Fender admits it has been using Epiphone bridges for the Squier Strat-O-Sonic – but says this Paranormal activity is just a blip

Squier Paranormal Strat-O-Sonic: Original runs used bridges branded with Epiphone
(Image credit: Fender; Landon Bailey/YouTube)

Squier’s Paranormal Series is all about getting weird with Fender’s electric guitar designs, mixing and matching and Frankensteining them together, presenting players with a quality but ultimately cheap electric guitar that sounds and feels like a custom build straight out of Eerie, Indiana. 

But recently, things have gotten really weird. That Strat-O-Sonic with the wraparound bridge and the P-90s? Well, it turns out it uses a bridge branded with Squier’s rival Epiphone’s logo. 

YouTuber Landon Bailey alerted us to this anomaly, and to what is the greatest crossover event in guitar history – arguably the ne plus ultra of Paranormal design logic – but Fender has released a statement saying that, yes, those bridges are Epiphone bridges but it was simply a case of both companies using the same factory for what is a similar design.

In a statement released to Guitar World, Fender said it would use unbranded versions of the wraparound in future production runs.

“It is common in the industry for contract manufacturers to produce products for multiple brands and for those brands to coincidentally share certain parts produced by third-party parts vendors,” said Fender. “While this particular bridge is not exclusive to Epiphone, they have used it and it is evident that for their products they prefer their logo to be present. This is a rare example of that specific part showing up in our production with their logo unintentionally.”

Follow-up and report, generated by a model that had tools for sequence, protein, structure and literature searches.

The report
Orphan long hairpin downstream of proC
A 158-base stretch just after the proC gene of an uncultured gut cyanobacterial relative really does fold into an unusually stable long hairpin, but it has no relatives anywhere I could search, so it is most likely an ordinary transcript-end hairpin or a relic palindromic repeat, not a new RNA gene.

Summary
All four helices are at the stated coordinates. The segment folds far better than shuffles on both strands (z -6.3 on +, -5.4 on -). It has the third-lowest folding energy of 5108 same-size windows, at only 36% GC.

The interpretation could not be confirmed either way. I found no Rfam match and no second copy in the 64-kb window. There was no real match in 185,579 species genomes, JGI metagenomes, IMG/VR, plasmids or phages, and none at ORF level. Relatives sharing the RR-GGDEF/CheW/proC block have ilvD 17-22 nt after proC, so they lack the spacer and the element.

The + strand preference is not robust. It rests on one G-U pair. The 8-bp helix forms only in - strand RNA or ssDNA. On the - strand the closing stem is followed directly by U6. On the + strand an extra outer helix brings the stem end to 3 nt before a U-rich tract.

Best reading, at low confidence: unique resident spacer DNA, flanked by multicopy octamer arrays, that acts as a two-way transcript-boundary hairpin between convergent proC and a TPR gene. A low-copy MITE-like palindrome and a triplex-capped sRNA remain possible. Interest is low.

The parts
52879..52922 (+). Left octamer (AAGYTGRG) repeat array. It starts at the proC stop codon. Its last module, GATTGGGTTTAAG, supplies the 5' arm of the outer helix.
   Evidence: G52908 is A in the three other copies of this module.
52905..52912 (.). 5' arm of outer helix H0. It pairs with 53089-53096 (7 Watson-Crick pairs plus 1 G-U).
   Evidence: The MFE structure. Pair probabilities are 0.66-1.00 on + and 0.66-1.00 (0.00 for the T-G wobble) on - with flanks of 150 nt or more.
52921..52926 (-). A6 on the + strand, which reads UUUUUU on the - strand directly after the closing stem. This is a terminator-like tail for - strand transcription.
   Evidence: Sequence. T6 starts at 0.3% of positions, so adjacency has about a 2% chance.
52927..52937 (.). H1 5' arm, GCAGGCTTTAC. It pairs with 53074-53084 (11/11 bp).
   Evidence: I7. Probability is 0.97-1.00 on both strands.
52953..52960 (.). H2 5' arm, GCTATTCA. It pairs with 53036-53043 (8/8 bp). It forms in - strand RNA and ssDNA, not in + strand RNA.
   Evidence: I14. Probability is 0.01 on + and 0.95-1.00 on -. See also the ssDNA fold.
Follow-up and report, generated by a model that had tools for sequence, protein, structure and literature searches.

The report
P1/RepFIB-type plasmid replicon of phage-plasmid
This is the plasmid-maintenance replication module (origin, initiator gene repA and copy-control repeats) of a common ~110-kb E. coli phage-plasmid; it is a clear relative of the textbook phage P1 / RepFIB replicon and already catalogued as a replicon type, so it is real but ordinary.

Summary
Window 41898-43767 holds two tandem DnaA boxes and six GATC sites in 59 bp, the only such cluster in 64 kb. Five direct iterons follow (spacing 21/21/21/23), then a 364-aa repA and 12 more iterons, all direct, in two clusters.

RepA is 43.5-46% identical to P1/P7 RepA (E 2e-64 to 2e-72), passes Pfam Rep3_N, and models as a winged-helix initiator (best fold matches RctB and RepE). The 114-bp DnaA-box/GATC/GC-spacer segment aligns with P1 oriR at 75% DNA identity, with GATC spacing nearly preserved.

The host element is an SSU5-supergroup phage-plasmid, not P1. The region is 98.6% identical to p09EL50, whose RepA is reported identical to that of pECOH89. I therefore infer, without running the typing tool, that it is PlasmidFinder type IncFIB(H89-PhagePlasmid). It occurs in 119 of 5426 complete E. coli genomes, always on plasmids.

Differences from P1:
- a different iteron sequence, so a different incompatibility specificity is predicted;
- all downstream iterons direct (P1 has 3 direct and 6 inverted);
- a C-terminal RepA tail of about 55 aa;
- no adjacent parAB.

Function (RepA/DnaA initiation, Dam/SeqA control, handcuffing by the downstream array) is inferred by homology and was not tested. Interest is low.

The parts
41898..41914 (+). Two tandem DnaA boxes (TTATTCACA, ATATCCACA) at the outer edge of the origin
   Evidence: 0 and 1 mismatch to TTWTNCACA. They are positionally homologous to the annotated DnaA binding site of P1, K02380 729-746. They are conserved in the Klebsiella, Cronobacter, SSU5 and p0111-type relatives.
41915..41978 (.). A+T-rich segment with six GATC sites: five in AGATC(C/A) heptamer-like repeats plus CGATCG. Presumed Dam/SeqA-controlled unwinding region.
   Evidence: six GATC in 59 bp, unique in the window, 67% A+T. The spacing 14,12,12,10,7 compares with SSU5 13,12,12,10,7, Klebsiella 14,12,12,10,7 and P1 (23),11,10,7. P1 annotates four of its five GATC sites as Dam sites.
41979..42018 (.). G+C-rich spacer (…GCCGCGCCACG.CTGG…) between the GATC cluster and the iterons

Landon Bailey

A still from YouTuber Landon Bailey's video with him showing the underside to the Squier Strat-O-Sonic's wrap-over bridge… with an Epiphone logo!  (Image credit: Landon Bailey / YouTube)

So there you have it. An accident. It won’t happen again. Things we have learned? Well, no much, except that maybe all this was kismet. After all, this is a guitar that explicitly references Gibson-esque design hallmarks. 

It has the shorter Gibson/Epiphone scale, 24.75” as opposed to the 25.5” most common to Fender guitars. Similarly, the Indian laurel fingerboard has a 12” radius. Again, very Gibson/Epiphone.


(Image credit: Fender)

The solid okoume body is also an off-menu choice, with okoume a decent lightweight alternative to mahogany, and not really in the alder/ash/poplar ballpark we are used to seeing on Fender and Squier guitars. Soapbar P-90 pickups complete the Stratocaster through-the-looking-glass vibe. 

There is, however, a bolt-on maple neck and the traditional Strat shape of the double-cutaway body. Some reminders of reality should you need it.

Will this Epiphone bridge make your Strat-O-Sonic more collectible? Probably not. But then this series is already collectible in its own right. These models tend not to stick around. 

For more details, head over to Epiphone—no, wait, sorry… Fender. That's with an F. The Strat-O-Sonic retails for a very approachable £369 street.

Jonathan Horsley

Jonathan Horsley has been writing about guitars and guitar culture since 2005, playing them since 1990, and regularly contributes to MusicRadar, Total Guitar and Guitar World. He uses Jazz III nylon picks, 10s during the week, 9s at the weekend, and shamefully still struggles with rhythm figure one of Van Halen’s Panama.